Again, that’s next step. First step is just accepting that the United States government murdered a lot of innocent people. The United States government murdered children. They did the kind of thing that we attack terrorists for, which is murdering a bunch of innocent people because you think it’s for the greater good. Again, normally when we say terrorists are terrible people, we don’t have some big factual argument about how what they’re doing isn’t really for the greater good. It’s like, “You murdered innocent people. That’s a terrible thing to do.” We say, “There’s at least a moral presumption against this, which maybe can be overcome, again for the greater good.”
That’s where I say that there’s this great philosophical example involving a doctor who’s got five patients who each need a different organ donation. Then a guy walks by who happens to be perfectly healthy and the doctor thinks, “Hmm, maybe I should go and murder that guy and harvest his organs.” Then he searches. “He has no family, no one’s really going to miss this guy. I can save five lives by murdering one person. Seems like a good idea.” People’s normal reaction to this is, “That’s horrible.” If you start-
Dave Rubin:
I’d want to know a little more about the guy.
Bryan Caplan:
… Start ramping up the numbers, maybe it’s a million people. All right, that’s fine. Anyway, at least that five to one ratio seems to really bother people and say, “No, you can’t go and deliberately murder a person to save five other people.” It is this premise that I bring in in my case against war saying, “Look, now it may be that there’s a war for the greater good, but are you actually getting something like this five to one ratio? Furthermore, how confident can you really be?” That’s where I bring in the last body of evidence which is that people’s predictions about the results of war are terrible.
Again, the whole idea of prediction is you have to state what you think is going to happen before it happens and then you look at what occurs and see how accurate your prediction was. There is a fantastic political psychologist named Phil Tetlock who ran a big experiment along these lines. In the 1980’s, he went and asked a bunch of foreign policy experts their predictions. Then 20 years later came back and weighed their predictions against the actual results. They did really badly. This is experimental evidence on people’s ability to forecast the actual long-run benefits of war are very poor. Of course, we don’t really need to do experiments. We can just go to the views about what would happen in World War I, where all sides were saying, “Out of the trenches by Christmas.” No one is saying, “I think this will end in Communist revolution.” Certainly on one was saying, “Well, I think the long-run result of this will be a Communist regime in North Korea, a country that doesn’t even exist right now.”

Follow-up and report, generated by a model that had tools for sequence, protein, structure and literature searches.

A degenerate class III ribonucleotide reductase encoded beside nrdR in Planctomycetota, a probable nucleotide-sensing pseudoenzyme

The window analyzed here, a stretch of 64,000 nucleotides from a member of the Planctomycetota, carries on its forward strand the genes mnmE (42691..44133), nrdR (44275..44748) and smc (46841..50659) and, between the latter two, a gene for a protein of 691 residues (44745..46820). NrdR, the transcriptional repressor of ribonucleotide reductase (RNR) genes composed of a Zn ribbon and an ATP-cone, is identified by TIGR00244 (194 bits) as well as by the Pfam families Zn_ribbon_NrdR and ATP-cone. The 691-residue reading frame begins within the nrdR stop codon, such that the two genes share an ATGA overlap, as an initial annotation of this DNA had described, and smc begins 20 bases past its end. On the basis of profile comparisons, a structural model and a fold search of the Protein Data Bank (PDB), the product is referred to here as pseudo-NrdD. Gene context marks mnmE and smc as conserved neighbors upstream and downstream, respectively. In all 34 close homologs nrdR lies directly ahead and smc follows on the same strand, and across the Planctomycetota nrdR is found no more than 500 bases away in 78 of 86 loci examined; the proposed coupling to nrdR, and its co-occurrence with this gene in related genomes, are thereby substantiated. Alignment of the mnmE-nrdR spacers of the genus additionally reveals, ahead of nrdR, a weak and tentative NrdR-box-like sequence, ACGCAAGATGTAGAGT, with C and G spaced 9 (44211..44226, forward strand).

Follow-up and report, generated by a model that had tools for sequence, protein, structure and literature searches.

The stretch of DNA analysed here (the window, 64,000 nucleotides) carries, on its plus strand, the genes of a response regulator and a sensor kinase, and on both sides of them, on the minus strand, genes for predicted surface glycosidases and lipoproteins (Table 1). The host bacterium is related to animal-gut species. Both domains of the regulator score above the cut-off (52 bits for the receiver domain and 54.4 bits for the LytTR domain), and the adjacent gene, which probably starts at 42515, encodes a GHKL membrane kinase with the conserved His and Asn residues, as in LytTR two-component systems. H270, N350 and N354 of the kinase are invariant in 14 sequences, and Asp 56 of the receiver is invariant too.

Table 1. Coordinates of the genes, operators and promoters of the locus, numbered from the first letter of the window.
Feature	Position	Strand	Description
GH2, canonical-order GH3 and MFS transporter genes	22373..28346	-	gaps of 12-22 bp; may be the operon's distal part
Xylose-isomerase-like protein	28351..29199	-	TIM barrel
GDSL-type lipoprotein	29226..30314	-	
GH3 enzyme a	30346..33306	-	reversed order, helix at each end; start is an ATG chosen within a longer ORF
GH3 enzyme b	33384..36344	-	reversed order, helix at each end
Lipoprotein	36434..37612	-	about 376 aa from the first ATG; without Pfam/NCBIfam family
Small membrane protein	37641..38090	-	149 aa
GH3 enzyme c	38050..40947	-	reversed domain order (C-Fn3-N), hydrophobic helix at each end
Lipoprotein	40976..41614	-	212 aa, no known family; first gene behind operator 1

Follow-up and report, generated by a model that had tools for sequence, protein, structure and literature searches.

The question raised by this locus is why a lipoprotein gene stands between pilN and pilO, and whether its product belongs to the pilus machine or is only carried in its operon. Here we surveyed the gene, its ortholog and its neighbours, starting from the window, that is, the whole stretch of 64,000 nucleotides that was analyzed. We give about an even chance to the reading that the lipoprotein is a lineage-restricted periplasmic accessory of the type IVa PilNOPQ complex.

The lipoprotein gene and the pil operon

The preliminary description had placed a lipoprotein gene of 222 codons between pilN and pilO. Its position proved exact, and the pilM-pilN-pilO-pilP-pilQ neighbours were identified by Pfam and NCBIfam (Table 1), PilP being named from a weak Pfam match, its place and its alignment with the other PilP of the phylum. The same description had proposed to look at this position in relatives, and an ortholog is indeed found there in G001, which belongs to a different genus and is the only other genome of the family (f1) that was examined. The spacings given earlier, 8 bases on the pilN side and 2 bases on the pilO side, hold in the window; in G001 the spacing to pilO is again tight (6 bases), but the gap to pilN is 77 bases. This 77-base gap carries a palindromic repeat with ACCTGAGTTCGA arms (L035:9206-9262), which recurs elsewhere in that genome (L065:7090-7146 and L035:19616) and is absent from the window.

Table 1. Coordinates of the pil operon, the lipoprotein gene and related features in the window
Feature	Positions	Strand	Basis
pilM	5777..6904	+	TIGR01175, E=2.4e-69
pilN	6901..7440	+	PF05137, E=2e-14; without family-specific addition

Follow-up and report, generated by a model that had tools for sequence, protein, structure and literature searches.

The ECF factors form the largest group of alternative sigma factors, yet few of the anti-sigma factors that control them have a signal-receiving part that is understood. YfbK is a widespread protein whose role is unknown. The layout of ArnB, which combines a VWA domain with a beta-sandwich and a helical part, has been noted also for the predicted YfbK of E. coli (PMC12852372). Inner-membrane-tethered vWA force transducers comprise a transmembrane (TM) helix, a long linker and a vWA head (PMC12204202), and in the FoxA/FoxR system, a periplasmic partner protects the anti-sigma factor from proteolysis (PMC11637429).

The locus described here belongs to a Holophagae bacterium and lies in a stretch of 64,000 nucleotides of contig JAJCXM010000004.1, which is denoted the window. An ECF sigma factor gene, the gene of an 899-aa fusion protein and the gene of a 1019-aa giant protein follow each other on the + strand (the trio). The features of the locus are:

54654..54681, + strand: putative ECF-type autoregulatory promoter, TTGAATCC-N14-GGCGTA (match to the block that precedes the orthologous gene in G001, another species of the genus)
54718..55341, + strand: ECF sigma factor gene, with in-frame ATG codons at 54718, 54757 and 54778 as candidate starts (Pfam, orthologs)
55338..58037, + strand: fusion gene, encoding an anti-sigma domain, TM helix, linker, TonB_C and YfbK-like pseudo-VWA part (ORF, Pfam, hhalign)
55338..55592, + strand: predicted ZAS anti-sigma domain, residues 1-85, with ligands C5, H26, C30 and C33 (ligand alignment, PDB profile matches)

Yet, if you know your history, that is the key event in why there’s Communism in North Korea. Now, if you stack these pieces together, moral presumption against war, five to one ratio, something like that minimum in order for it to be justified, and then finally, great uncertainty about what the effects of war are. That’s where I get my case for pacifism. It’s like any time there’s someone proposing a war, my reaction is, “First of all, is it even plausible that you are going to save five times as many lives as you are going to murder here? Is it reasonable to be that confident given how bad most people’s track records are?” If you put that together, then I say that for almost any actual war, it’s really hard to make a case in his favor.